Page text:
Once medical students have mastered the school interview and have the eagerness to stick to the field, they come across yet another milestone. This milestone is the medical residency interview. The big dream of becoming a physician will never be achieved if this barrier is not crossed successfully (DeIorio et.al, 2009). The main purpose of having this interview, is to provide medical students with the finest chance of success in order to match. Though it is not a written test, one must be ready with all sorts of possible questions. Better preparations will yield better results. Medical Students should be ready to speak and answer any interview question. These questions could be about the students themselves, their resume background, field related questions, work experience, or just general questions to have an idea about their state of mind.
- Tell us something about yourself (if all written in the resume, speak of something not mentioned)
- Where do you find yourself in 10 years? (Goal should look realistic)
- Why did you join the Medical Field? (An honest answer is always appreciated and not just made up)
Medical students should be relaxed and speak calmly and confidently. They should never alter any facts about themselves that may be difficult to show or prove. Simple answers can carry a lot of weight with the interviewer. It is very important for medical students to practice the process beforehand, in order to answer these questions smoothly. Interview questions and many other practicing tools can be utilized online from different medical websites. The best way to overcome any fear is to be prepared. Knowing the expected types of questions will give you adequate preparation time. Interviewers intentionally ask difficult questions to test the reactions of students in time of stress. A little bit of thought is required before answering any question. Students must think about what the interviewer actually wants to know.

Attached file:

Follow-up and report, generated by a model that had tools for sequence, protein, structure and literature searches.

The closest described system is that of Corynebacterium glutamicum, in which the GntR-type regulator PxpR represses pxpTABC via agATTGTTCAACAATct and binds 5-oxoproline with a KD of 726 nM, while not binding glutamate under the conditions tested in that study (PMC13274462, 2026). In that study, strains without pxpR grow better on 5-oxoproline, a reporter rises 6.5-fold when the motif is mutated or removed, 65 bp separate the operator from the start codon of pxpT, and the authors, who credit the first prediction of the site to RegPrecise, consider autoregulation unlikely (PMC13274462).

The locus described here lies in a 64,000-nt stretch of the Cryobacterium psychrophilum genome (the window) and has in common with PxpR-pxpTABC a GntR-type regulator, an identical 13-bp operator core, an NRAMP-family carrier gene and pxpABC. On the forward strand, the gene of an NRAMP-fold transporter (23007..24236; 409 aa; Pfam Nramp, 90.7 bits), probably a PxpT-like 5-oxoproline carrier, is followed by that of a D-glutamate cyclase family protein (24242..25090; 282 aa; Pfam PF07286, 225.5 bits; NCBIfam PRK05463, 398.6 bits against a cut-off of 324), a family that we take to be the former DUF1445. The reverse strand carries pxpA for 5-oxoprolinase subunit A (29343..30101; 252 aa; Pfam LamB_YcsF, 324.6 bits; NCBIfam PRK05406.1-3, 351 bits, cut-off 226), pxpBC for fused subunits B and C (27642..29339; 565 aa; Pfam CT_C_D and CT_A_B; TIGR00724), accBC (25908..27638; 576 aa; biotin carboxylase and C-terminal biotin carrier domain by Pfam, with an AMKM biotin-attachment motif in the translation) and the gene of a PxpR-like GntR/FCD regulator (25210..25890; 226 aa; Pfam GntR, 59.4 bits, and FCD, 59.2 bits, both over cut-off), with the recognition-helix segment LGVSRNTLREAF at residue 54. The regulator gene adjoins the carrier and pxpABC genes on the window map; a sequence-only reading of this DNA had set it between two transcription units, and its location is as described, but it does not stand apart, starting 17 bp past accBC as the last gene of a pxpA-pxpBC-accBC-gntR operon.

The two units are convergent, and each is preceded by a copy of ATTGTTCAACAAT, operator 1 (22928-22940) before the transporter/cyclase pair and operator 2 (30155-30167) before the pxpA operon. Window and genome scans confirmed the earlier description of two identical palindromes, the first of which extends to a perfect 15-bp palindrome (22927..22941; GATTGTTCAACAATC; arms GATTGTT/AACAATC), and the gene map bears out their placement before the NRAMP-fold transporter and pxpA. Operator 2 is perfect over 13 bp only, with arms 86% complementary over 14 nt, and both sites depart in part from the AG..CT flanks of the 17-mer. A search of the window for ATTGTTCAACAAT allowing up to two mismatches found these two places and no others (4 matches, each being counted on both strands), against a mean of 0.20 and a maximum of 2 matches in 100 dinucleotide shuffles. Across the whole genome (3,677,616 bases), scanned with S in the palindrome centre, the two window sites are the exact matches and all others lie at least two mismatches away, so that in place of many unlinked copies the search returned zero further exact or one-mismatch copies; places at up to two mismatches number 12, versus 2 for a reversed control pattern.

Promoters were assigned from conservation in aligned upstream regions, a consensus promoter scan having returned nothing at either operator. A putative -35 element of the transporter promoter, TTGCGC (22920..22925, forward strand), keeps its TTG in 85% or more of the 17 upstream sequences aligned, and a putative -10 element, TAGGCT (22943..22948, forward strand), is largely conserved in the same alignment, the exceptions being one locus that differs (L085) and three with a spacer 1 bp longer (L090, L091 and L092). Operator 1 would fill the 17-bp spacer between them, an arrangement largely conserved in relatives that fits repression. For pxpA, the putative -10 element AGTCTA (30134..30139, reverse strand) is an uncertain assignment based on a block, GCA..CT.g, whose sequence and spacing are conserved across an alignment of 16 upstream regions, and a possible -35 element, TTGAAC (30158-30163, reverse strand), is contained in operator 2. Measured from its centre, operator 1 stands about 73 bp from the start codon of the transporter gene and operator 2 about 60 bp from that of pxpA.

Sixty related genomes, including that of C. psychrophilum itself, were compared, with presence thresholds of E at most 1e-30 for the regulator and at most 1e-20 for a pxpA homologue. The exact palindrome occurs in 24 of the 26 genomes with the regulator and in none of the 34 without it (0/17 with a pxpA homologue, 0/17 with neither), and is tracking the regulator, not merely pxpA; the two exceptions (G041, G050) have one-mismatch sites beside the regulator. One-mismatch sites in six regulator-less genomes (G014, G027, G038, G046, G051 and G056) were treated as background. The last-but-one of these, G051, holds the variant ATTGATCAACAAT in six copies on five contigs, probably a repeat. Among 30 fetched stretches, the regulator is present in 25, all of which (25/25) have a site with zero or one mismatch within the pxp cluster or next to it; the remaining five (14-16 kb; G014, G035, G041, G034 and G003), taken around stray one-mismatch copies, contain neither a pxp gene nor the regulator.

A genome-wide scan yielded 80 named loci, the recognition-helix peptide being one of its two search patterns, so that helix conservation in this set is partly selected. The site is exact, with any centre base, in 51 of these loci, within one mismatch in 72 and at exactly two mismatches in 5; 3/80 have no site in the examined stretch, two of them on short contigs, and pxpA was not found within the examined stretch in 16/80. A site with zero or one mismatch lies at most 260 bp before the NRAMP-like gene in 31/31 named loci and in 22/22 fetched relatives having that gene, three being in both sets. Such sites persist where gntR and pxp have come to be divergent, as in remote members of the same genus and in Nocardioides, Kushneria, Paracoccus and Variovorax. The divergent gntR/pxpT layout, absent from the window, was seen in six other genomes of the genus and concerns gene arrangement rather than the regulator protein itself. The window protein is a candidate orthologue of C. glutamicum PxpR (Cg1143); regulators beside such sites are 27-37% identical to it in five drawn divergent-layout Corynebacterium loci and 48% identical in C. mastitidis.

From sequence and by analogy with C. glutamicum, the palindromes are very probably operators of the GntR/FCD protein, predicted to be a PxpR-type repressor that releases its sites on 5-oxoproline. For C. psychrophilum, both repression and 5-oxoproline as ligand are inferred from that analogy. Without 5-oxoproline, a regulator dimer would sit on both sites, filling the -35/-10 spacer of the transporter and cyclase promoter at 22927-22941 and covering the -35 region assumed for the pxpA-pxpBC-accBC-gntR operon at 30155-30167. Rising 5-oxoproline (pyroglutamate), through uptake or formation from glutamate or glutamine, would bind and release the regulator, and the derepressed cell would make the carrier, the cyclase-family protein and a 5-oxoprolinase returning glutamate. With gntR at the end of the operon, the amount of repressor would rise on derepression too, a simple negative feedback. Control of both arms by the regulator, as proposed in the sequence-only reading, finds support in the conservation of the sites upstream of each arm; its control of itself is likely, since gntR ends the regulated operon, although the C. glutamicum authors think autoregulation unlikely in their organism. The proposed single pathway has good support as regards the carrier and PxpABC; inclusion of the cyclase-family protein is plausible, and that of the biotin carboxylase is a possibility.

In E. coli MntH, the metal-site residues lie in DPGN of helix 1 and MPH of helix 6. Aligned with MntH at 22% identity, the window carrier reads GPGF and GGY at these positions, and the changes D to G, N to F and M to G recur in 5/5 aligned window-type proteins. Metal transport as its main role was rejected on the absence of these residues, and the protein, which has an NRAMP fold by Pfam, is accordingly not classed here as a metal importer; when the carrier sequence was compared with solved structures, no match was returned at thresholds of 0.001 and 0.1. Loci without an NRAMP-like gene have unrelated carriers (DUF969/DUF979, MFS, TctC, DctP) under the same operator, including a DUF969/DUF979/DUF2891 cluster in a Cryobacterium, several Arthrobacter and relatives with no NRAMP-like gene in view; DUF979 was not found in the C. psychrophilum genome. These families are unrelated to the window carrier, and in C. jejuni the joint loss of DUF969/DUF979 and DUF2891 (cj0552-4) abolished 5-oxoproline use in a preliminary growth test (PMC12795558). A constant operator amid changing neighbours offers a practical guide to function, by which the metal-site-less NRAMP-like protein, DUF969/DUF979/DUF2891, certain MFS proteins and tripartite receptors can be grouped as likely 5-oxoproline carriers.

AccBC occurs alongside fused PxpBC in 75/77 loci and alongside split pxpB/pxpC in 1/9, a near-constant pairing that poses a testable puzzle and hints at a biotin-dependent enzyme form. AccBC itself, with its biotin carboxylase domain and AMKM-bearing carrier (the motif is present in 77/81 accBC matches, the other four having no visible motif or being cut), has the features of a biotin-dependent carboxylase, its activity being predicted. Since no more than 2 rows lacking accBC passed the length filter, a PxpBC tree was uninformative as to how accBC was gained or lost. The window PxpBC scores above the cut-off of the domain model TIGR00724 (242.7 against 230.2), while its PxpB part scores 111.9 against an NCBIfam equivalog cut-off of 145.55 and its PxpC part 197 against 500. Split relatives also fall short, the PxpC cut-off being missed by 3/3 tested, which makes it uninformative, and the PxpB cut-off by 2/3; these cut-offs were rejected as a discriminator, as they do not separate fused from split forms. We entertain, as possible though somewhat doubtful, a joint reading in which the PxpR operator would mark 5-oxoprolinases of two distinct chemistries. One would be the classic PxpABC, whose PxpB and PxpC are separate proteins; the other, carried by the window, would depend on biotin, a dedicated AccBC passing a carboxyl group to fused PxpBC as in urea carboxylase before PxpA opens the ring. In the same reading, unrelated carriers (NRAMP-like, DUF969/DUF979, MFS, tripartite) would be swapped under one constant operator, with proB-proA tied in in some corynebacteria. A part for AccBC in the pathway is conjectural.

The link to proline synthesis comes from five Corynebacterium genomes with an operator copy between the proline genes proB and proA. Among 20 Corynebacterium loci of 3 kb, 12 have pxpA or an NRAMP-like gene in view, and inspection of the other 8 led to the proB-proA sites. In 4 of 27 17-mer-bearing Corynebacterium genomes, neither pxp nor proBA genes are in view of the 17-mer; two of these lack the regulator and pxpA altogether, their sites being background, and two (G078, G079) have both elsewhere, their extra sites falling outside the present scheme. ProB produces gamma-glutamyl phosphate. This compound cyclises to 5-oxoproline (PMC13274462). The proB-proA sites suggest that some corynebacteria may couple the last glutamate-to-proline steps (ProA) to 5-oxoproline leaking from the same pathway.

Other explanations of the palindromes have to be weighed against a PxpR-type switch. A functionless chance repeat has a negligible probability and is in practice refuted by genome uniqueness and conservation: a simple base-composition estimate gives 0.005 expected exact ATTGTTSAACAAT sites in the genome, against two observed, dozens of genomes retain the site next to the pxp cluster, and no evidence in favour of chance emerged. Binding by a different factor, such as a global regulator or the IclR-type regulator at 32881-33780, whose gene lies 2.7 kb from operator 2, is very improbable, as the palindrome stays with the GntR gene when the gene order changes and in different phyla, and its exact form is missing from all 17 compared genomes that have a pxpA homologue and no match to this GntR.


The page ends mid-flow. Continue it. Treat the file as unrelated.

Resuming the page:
Medical students should make sure that none of their answers speak about failure, low self steam, or highlight any weakness. They should make a list of all probable inquiries and rehearse with suitable answers. They should keep their answer short and focus most on facts. They need to avoid any sort of possible argument. If they do not comprehend any point discussed, they should politely ask the interviewer for clarification. They should never hesitate to a ask a question again if having any doubts. They need to make sure that all their homework, about the residency program, is well done. They should get familiar with the residency program’s history, facts, and figures. A few important statistics and other important information can help in the residency match cycle. They need to use this data when and where applicable to proof their eagerness to join. However, the unnecessary inclusion of that information will get them in trouble. Students should think about “if someone is smart, always believe that interviewer on the other chair is smarter”.
Practicing is the Best Tool:
Even though all medical students know it, most students do not follow the golden rule. One can practice the interview process by conducting dummy interviews, but that is not the best way when it comes to residency program interviews. Students should consider getting help from their faculties, advisors, and get registered with any of the websites that provides interview practicing tools. In addition, students should consider getting help from a roommate or a friend who can ask rapid questions to help them be familiarized with random questions.
Interviewers are there to select the best match for their patients and medical program. Each interview question has a purpose and should be answered in a way that shows more about the student’s personality and inner self. In conclusion, medical students should be relaxed during the residency interview, just stay focused and confident and keep a bit of a smile. There is no way one can stop a confident candidate jump a barrier (McCracken, 2009).
DeIorio, N. M., Yarris, L. M., & Gaines, S. A. (2009). Emergency medicine residency applicant views on the interview day process. Academic Emergency Medicine,16(s2), S67-S70.
McCracken, G. (2009). The long interview (Vol. 13). Sage.